Senior goodbye: Maya Oswald


I have spent the entirety of my high school career pushing myself to be more. To be better. No missing assignments (ever) and nothing below a C on anything. All A’s or I wasn’t worth it (shoutout to my freshman Biology teacher who wouldn’t round up my 89.7 to a 90). 

I have also battled mental illness the entirety of my high school career. I didn’t stop to give myself a break or take a minute to ask myself what matters more: my grades or my mental health?

Now that I am at the end of my senior year, I can’t stress enough that grades are not everything. Don’t get me wrong. They’re important. Take the time to study, and don’t procrastinate, but don’t base your worth on your grades. It just isn’t fair.

People are quick to tell you to take a break, but if that break is playing video games or hanging out with friends, they’ll tell you that you’re just wasting your time. That is far from the truth. 

Time is not wasted on the things you enjoy. Time is a gift, and you can’t waste a gift. Use it however you like because it is yours.

Soon, I’m going to Purdue University with a major of Professional Flight Technology (fancy words for saying I’m going to be a pilot). It’s a very competitive program, and I just barely squeaked in because of my GPA. I have a 3.98 GPA, and I just barely got in because I only had one extracurricular.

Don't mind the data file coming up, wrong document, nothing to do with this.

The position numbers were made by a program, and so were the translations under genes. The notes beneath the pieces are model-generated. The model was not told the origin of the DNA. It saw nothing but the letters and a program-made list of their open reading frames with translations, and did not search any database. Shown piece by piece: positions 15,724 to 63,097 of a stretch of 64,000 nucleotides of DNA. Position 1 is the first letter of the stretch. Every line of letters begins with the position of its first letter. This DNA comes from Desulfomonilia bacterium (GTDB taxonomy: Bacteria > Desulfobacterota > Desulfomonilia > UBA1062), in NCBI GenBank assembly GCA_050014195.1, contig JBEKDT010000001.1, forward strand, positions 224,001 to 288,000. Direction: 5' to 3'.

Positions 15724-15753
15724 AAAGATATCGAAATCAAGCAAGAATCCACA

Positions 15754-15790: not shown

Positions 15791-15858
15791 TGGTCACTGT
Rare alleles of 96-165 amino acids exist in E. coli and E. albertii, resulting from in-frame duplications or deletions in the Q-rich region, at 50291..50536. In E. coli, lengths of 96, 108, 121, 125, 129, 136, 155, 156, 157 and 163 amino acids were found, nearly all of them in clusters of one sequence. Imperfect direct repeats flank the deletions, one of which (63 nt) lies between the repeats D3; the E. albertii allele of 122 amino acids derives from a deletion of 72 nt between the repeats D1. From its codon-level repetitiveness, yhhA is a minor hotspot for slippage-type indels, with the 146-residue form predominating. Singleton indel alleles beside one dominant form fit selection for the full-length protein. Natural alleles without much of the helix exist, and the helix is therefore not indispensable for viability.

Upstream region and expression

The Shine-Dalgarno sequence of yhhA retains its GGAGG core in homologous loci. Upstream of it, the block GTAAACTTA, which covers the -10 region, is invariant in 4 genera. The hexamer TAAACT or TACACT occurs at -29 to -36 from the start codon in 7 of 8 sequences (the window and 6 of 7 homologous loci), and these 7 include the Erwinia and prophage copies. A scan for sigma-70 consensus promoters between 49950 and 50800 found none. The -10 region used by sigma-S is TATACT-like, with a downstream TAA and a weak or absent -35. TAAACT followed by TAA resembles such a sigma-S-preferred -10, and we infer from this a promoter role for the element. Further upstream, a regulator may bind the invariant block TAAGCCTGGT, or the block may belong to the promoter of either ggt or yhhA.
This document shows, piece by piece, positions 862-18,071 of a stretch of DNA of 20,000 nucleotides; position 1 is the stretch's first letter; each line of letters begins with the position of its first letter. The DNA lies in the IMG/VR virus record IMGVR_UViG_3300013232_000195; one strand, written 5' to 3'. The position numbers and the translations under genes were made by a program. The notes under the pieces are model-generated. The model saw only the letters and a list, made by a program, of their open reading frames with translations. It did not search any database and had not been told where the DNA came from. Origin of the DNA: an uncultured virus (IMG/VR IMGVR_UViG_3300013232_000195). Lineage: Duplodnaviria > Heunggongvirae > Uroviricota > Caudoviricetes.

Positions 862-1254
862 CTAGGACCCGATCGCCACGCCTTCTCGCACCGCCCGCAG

Every college I had applied to looked at GPA, but they looked more at extracurriculars. They want to know what you did with your time that made a difference in high school, and studying is not enough.

As well as helping you get into college, extracurriculars are one of the best ways to make friends. One of my best friends is a girl one year older than me who happened to be in the theater program when I auditioned in my freshman year. I wouldn’t have been able to meet her without the theater program even though neither of us are pursuing theater after high school.

Audition for the play, visit a language club for a class that you’re not even taking, try out chess even if you’ve never played before. Maybe you’ll find a passion that you would not have otherwise discovered, and that is a beautiful thing.

So, if you’re going to take anything from this article: take a break, and try new extracurriculars. Both of those matter more than anybody lets on.

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